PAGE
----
And it saddens me that BLACK PEOPLE bitch and moan about the most stupid shit. I’m a comic it is my job to take things and make them funny…to make you think. Especially the painful things. Why are y’all so mad. This joke was written from the pain that one night I realized that lack men don’t really fuck with me and why am I single. And that in slave days I would have always had a man cause of breeding. If anybody should be offended is white folks cause it’s what they did. Y’all so busy trying to be self righteous you miss what the joke really is.
Very sad I have to defend myself to black people. Now I’m betting if Chris Rock or Dave Chappelje did that joke or or jay z or Kanye put in a rap they would be called brilliant. Cause they all do this type of material. Just cause it came from a strong black woman who ain’t afraid to be real y’all mad. So here is my announcement black folks, you won’t stop me and Im gonna go even harder and deeper now. Cause it’s a shame that we kill each other instead of support each other. This exactly why black people are where we are now cause we too fucking sensitive and instead of make lemonade out of lemons we just suck the sour juice from the lemons. Wake up.
I wouldn’t be able to do a joke like that if I didn’t know my history or proud of where I came from and who I am. My dad is the biggest militant in the world and he would have loved that joke. My grandmother went to jail for whooping two white men asses for attacking her she she also was 6’2 and strong. And she laughed her ass off. Get over yourself and you might as well get use to it cause I’m good at what I do and I ain’t going NOWHERE!!!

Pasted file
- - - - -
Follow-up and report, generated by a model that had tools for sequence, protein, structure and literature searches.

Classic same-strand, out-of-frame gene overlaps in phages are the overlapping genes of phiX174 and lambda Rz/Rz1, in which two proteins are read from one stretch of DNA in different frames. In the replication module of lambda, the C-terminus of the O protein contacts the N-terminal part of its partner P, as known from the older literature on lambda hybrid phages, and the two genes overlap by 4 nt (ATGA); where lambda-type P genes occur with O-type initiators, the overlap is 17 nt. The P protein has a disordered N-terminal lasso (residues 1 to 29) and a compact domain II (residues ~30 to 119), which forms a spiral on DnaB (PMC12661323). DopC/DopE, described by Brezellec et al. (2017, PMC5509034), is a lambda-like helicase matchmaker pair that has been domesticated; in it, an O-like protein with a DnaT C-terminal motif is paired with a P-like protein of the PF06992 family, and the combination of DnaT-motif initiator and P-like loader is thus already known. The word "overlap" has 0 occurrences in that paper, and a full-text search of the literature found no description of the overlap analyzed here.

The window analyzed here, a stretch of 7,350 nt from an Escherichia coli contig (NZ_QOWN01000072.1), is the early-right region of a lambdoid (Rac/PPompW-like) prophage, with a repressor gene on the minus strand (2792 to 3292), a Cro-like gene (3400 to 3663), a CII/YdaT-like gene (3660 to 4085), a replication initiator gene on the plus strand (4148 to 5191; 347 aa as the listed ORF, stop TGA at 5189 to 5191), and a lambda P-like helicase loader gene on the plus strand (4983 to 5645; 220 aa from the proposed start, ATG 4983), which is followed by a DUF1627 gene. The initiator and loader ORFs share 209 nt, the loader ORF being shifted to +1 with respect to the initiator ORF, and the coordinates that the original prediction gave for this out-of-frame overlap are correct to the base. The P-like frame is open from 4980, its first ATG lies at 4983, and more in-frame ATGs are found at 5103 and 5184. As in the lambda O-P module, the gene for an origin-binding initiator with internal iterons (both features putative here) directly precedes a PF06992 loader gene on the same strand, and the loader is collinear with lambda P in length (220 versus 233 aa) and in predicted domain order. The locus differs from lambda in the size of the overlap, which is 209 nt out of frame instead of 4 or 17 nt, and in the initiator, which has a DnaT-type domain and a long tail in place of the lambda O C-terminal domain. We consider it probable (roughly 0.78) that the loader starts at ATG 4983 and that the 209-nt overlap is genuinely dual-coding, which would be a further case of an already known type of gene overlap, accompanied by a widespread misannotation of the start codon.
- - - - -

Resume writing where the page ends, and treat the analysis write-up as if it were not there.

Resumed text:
#bouttowakemfsup. Sorry had a moment, can’t when over the haters i am not the jackass whisperer. that is all…”
While I do understand how Leslie’s taboo joke could be considered offensive, I don’t think it’s worth waxing poetic over or even spending time dissecting it in Google Hangouts across the web. Humor hurts. We laugh at our pain, often to keep from crying and honestly, this is what Leslie admitted to doing with this skit. She said it herself, “This joke was written from the pain that one night I realized that lack men don’t really fuck with me and why am I single.”
Dave Chappelle’s Roots Behind-The-Scenes joke was one of the most offensive and hilarious slavery jokes I’ve ever seen. Oh and let’s not forget his “F*cking Up” joke or that time he shot massa, as a pimp. Slavery can be considered funny, if the joke is delivered by the right person. Evidently, slave humor is easier to digest when it’s coming from Chappelle. Leslie makes the exact same point, and it looks to be true.